Dad: be good to your children, they will love like you do

When Dads get involved in child-rearing, the second beneficiary (after Mum) is the child (or children).

The child gets two loving, hands-on parents.

And curiously, this appears to be a case where not only is two better than one – it works even if, maybe even because, they are different.

Research is constantly suggesting that Dad’s role is important - which may be surprising to some.

It probably should not be surprising. If Nature had decided that human children were better raised by one rather than two parents, she probably would have made it that way. That's how Nature - a.k.a. evolution - works.

There are host of odd findings that show the important influence of fathers on the cognitive and emotional development of their children.[i]

For instance, fathers communicate less on average with their children than mothers (that figures given that they are male perhaps), but surprisingly, they appear to have more influence on the vocabulary than the mothers[ii].

However, more generally, the children of engaged fathers show more significant gains in intellectual development, better self-image, more sense of humour, longer attention spans, more eagerness for learning, and greater resistance to peer pressure.[iii]

Daughters in particular, learn really important emotional and relationship stuff from their Dads, in particular how to relate to the other sex. As John Mayer says in his song Daughters, “Fathers be good to your daughters / Daughters will love like you do."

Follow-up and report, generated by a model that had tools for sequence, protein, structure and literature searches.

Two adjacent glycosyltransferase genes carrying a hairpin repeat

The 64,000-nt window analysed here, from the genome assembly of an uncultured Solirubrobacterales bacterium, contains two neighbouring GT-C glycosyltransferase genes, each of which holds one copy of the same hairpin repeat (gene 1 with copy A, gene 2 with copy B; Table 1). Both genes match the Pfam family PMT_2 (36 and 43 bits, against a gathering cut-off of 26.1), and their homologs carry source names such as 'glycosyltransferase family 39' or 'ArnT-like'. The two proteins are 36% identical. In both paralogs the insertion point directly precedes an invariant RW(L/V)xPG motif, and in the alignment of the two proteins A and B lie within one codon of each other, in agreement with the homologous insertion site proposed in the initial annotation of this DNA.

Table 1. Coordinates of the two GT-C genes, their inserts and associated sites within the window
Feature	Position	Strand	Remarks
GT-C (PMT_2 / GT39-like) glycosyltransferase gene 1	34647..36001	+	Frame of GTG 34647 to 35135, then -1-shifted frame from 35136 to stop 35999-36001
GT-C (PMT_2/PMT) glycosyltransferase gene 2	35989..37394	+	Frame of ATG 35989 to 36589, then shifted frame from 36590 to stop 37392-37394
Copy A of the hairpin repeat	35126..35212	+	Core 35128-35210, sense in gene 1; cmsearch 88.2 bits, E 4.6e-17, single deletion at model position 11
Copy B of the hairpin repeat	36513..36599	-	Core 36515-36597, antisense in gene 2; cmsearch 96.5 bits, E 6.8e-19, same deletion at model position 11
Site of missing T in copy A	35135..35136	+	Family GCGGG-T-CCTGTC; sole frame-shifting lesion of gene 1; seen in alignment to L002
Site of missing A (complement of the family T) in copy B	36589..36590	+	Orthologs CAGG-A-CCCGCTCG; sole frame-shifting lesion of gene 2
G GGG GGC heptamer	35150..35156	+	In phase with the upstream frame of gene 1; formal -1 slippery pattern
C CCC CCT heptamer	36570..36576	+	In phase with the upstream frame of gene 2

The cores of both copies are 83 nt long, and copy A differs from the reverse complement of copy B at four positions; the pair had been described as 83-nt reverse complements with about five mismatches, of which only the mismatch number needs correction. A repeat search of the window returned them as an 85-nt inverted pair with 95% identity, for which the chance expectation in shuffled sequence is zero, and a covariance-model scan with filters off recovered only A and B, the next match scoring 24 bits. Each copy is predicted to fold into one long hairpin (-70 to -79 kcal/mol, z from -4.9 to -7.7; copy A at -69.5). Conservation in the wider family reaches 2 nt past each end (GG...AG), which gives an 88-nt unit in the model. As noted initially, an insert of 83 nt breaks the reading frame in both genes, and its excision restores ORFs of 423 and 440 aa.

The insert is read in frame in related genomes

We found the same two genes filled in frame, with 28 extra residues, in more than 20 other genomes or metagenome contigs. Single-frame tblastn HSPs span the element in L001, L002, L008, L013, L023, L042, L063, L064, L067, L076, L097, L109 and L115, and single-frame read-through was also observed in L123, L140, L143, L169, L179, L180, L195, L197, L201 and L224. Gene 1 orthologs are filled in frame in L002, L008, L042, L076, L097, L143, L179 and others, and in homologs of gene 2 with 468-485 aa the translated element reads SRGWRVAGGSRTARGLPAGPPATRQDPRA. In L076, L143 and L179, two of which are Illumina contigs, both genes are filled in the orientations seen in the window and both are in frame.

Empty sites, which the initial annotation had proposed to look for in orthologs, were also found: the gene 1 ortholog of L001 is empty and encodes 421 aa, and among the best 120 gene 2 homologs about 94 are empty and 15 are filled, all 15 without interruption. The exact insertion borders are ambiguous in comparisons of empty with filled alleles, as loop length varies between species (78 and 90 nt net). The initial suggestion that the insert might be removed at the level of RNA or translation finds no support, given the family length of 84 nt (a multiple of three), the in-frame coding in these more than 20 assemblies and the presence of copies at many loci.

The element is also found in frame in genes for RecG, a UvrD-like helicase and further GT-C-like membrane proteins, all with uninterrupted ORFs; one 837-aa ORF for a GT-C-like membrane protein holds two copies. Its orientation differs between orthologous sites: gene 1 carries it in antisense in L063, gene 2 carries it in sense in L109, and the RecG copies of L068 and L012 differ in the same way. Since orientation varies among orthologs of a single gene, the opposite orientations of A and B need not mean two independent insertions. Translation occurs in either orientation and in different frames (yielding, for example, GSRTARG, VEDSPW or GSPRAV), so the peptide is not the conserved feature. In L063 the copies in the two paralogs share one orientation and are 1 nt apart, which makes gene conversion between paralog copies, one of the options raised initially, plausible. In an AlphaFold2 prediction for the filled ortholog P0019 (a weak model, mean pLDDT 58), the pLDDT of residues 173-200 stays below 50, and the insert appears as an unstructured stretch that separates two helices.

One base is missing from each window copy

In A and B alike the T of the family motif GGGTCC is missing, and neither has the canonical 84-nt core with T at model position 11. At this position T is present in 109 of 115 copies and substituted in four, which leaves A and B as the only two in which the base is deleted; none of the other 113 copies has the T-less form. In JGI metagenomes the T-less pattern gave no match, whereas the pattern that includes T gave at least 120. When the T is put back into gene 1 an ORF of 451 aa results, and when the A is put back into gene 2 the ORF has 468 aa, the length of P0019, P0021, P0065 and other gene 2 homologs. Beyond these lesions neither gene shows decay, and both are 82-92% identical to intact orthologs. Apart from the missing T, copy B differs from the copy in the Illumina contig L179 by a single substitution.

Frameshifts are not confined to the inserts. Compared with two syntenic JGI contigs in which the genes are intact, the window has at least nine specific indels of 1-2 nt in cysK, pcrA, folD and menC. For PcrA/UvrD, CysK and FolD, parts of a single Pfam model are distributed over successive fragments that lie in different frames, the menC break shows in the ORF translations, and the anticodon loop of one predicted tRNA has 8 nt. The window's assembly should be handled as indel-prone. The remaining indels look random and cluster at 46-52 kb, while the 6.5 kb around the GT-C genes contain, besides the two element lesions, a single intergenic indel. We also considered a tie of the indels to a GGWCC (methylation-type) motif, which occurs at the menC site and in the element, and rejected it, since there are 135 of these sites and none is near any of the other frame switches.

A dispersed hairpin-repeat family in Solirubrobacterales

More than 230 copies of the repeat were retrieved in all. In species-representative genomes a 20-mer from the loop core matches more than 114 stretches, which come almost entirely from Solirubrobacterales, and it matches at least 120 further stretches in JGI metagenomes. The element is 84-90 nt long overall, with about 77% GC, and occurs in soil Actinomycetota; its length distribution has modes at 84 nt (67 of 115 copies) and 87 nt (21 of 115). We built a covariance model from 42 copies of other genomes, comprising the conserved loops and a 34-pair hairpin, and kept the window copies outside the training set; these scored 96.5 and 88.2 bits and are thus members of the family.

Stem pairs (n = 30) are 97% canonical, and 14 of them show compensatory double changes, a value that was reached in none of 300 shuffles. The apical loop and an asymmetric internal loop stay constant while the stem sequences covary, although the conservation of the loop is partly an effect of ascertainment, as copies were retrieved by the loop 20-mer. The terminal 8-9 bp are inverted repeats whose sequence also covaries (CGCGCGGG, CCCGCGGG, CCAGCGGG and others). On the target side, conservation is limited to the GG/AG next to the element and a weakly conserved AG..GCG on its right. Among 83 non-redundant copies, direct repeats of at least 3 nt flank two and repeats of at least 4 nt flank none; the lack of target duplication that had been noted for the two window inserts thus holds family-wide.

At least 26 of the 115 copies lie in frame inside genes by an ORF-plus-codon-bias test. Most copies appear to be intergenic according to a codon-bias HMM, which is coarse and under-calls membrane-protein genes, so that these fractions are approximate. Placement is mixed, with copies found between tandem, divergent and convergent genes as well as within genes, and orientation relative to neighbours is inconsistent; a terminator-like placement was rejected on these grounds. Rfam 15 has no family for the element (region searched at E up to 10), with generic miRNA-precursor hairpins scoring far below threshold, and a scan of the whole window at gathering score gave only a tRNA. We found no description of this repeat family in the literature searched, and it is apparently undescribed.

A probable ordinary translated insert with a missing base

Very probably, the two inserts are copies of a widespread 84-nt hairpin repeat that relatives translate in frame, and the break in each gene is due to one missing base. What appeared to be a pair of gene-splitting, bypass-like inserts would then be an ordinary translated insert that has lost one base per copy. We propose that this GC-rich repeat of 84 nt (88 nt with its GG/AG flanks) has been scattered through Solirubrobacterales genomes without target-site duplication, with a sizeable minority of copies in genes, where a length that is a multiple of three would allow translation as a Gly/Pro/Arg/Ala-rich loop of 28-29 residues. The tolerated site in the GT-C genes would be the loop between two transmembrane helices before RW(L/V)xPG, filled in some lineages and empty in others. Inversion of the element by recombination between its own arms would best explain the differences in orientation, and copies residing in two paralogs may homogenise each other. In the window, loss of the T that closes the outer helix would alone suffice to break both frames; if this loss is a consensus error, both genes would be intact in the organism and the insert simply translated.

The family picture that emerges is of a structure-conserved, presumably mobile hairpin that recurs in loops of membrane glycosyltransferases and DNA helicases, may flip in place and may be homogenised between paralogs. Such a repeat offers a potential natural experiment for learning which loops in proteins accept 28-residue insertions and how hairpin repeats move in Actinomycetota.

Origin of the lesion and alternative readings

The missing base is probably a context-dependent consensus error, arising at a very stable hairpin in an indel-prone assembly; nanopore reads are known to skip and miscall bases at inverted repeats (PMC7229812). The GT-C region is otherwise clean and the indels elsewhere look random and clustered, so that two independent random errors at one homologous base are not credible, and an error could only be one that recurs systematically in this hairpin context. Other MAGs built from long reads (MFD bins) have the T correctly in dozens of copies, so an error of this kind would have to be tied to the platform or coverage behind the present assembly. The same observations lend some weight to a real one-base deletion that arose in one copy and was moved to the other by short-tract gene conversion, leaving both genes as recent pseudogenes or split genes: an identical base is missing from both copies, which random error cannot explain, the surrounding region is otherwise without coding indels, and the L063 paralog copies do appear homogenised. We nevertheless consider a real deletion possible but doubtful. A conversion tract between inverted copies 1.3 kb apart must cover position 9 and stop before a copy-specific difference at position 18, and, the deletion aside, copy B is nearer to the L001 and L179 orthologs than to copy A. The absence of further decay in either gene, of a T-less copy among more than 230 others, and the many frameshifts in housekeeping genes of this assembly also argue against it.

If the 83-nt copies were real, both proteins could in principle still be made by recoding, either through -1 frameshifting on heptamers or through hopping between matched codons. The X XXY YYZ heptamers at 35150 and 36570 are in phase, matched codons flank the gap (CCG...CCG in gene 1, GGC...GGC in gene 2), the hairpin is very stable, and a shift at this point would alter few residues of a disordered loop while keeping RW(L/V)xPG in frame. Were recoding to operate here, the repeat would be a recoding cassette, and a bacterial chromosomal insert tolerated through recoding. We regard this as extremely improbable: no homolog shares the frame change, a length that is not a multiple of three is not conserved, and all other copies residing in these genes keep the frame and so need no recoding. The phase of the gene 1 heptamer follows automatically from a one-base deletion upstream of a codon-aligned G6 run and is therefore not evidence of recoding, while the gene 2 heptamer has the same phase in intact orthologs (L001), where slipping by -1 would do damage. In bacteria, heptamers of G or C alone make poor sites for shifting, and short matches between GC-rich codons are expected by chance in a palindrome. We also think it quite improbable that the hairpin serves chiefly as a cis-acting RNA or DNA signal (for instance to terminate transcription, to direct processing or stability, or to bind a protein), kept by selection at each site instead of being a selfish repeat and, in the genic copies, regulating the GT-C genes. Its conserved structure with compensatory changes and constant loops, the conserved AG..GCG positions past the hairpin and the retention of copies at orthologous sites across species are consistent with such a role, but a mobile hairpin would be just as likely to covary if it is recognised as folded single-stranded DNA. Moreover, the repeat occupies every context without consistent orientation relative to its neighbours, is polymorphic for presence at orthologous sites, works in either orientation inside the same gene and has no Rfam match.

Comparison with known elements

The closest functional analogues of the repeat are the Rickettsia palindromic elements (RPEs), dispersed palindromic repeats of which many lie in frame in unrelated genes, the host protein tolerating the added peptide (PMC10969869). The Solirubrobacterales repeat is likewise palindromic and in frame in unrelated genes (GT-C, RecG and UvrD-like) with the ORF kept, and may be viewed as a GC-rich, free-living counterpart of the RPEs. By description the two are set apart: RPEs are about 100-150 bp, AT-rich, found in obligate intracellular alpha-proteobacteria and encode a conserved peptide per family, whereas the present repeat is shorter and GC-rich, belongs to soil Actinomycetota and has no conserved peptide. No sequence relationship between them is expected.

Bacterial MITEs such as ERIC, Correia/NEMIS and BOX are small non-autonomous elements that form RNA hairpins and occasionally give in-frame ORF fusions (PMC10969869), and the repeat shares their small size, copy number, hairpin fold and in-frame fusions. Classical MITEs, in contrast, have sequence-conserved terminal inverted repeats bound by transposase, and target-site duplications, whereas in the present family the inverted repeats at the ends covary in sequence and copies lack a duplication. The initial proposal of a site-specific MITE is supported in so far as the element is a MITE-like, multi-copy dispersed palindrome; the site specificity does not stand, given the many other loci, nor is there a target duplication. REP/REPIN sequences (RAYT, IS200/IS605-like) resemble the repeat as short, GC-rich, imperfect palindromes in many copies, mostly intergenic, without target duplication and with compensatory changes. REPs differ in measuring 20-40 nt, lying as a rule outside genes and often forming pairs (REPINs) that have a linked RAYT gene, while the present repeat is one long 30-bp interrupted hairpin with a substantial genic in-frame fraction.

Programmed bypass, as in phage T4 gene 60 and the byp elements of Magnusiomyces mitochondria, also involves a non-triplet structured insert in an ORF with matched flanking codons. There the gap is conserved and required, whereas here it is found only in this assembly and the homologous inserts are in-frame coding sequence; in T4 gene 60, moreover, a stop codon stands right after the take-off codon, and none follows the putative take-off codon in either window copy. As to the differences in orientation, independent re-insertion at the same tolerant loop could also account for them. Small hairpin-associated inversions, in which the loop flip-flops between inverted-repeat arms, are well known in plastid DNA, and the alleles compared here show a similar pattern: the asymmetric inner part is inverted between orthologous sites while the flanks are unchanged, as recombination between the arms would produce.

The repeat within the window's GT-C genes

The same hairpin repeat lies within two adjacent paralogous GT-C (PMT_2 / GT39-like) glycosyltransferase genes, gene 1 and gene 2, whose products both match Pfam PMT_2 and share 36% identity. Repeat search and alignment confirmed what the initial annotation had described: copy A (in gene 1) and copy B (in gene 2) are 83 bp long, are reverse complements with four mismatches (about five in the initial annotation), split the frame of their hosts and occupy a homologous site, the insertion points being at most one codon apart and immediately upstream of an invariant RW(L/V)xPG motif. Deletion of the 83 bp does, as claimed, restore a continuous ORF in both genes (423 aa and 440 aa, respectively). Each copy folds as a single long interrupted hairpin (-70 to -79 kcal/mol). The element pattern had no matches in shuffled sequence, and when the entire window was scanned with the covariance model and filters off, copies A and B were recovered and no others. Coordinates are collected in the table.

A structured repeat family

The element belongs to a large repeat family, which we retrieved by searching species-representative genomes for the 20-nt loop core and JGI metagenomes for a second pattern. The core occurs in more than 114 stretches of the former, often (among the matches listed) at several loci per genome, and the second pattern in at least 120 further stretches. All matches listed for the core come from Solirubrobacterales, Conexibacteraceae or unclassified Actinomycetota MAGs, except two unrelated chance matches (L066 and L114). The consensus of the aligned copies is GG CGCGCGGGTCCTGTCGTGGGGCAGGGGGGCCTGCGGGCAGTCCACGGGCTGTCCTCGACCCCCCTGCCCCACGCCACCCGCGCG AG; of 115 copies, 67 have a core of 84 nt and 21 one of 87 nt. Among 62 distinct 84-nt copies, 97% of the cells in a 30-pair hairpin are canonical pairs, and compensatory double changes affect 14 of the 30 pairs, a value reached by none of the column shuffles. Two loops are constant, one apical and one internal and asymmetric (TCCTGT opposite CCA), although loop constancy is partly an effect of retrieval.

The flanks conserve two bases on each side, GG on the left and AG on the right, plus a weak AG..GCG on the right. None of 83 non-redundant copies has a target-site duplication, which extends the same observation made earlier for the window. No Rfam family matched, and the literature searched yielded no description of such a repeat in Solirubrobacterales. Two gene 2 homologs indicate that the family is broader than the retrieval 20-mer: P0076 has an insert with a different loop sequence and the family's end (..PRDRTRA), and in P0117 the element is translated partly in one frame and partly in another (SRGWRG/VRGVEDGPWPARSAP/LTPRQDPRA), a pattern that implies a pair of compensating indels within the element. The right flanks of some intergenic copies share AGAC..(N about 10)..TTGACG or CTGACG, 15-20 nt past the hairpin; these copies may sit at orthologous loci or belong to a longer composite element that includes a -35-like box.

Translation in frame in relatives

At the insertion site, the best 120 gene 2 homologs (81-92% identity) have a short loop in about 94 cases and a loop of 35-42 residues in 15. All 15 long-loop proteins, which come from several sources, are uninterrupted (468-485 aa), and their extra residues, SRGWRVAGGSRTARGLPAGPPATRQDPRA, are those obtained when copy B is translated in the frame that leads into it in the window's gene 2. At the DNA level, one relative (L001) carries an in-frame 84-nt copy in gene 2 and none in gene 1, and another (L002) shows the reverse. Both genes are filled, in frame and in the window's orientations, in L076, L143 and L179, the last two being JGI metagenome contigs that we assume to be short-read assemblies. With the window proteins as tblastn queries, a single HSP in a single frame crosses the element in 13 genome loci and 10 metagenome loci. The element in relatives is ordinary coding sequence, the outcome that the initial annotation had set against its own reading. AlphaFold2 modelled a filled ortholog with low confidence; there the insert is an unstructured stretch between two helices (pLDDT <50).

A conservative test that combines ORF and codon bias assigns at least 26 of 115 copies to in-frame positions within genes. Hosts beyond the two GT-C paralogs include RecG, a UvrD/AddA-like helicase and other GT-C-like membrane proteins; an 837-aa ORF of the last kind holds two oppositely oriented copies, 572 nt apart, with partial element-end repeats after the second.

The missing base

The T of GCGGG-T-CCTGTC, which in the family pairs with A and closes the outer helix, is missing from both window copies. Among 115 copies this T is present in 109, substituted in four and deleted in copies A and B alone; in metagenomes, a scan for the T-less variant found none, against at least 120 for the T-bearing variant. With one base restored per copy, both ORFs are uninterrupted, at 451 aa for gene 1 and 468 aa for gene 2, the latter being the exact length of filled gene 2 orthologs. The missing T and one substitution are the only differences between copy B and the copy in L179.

As a counterpoint, it is notable that daughters raised with stepfathers rather than their biological fathers tend to grow up faster[iv]. In particular, they
-        reach puberty earlier
-        menstruate nine months earlier on average
-        commence sexual activity earlier
-        and tend to become pregnant earlier.

Having two parents seems to have a whole lot of positive effects and reduces a whole set of risks for children. The evidence for this comes from the risks that are faced by children raised in single-parent households[v]:

-        lower levels of educational achievement
-     twice as likely to drop out of school
-        more likely to become teen parents
-     more conflict with their parent(s)
-     less supervised by adults
-     more likely to become truants
-     more frequently abuse drugs and alcohol
-     more high-risk sexual behaviour
-     more likely to join a gang
-     twice as likely to go to jail
-     four times as likely to need help for emotional and behavioral problems
-     more likely to commit suicide
-     more likely to participate in violent crime
-     twice as likely to get divorced in adulthood

Caution ought to be applied in interpreting these conclusions too simplistically. 

Firstly, many of the difficulties faced by children in single-parent households could be related to economic challenges as single-parent households tend to have less income than two-parent households.

Secondly, children raised in a two-parent household with one parent displaying serious anti-social behaviour are generally worse off than those raised in a single-parent household with the the non-deranged parent of course.

However, all in all, Dad’s involvement is clearly of benefit to the children.

[iv] Bettina Arndt (2002) “Without Dad Little Girls Grow up too Fast”